I’m all for student-centered learning environments in which students are asked to think deeply about texts. The CC didn’t invent student-questioning, close reading, text-centered discussions, collaboration, using evidence to back up ideas — these standards are in place to ensure that students learn these crucial skills.
Writing about the CC in my classroom:
English educators have a responsibility to provide students with the tools that they need to think critically. The most successful students will be those who are most able to understand, evaluate and critique a variety of arguments and messages, collaborate effectively with peers and teachers, and articulate their own ideas, analysis and opinions using rich, nuanced language.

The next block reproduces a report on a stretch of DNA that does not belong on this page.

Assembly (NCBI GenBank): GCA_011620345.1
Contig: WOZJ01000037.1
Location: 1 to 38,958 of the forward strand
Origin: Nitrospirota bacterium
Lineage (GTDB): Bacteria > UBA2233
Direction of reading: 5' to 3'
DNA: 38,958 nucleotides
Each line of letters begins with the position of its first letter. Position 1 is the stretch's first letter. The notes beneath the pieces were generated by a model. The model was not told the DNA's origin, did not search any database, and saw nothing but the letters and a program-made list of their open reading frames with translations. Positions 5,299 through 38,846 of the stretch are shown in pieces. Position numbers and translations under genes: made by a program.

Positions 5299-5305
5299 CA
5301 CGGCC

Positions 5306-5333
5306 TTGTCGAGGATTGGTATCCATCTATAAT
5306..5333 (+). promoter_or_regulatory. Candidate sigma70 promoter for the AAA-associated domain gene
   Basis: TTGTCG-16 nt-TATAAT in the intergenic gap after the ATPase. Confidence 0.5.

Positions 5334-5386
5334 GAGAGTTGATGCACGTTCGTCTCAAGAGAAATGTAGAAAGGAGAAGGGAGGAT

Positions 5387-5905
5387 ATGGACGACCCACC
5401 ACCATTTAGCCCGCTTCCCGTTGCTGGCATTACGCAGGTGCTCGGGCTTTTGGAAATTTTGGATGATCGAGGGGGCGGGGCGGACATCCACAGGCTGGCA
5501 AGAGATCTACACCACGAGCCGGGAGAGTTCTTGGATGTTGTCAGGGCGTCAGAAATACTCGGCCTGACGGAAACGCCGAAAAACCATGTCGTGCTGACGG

This is what is now happening in my classroom with the implementation of the Common Core. I began the fall semester using the EngageNY resources. I started with “Brain Gain,” a close reading unit by Odell Education designed to build students’ close reading, annotating, and text-based discussion skills. For several weeks we read, discussed, questioned and wrote about the value and qualities of a good education. They even facilitated a comparative discussion about three different texts and presented it to the class.
This unit had a significant impact on the students. Not only did their academic and analytical skills become more advanced but a few observed how lucky they are to have access to public education — they didn’t know that historical figures like Thomas Jefferson had to actually fight to institute a public education system. Students also began to see connections between education, economics and government.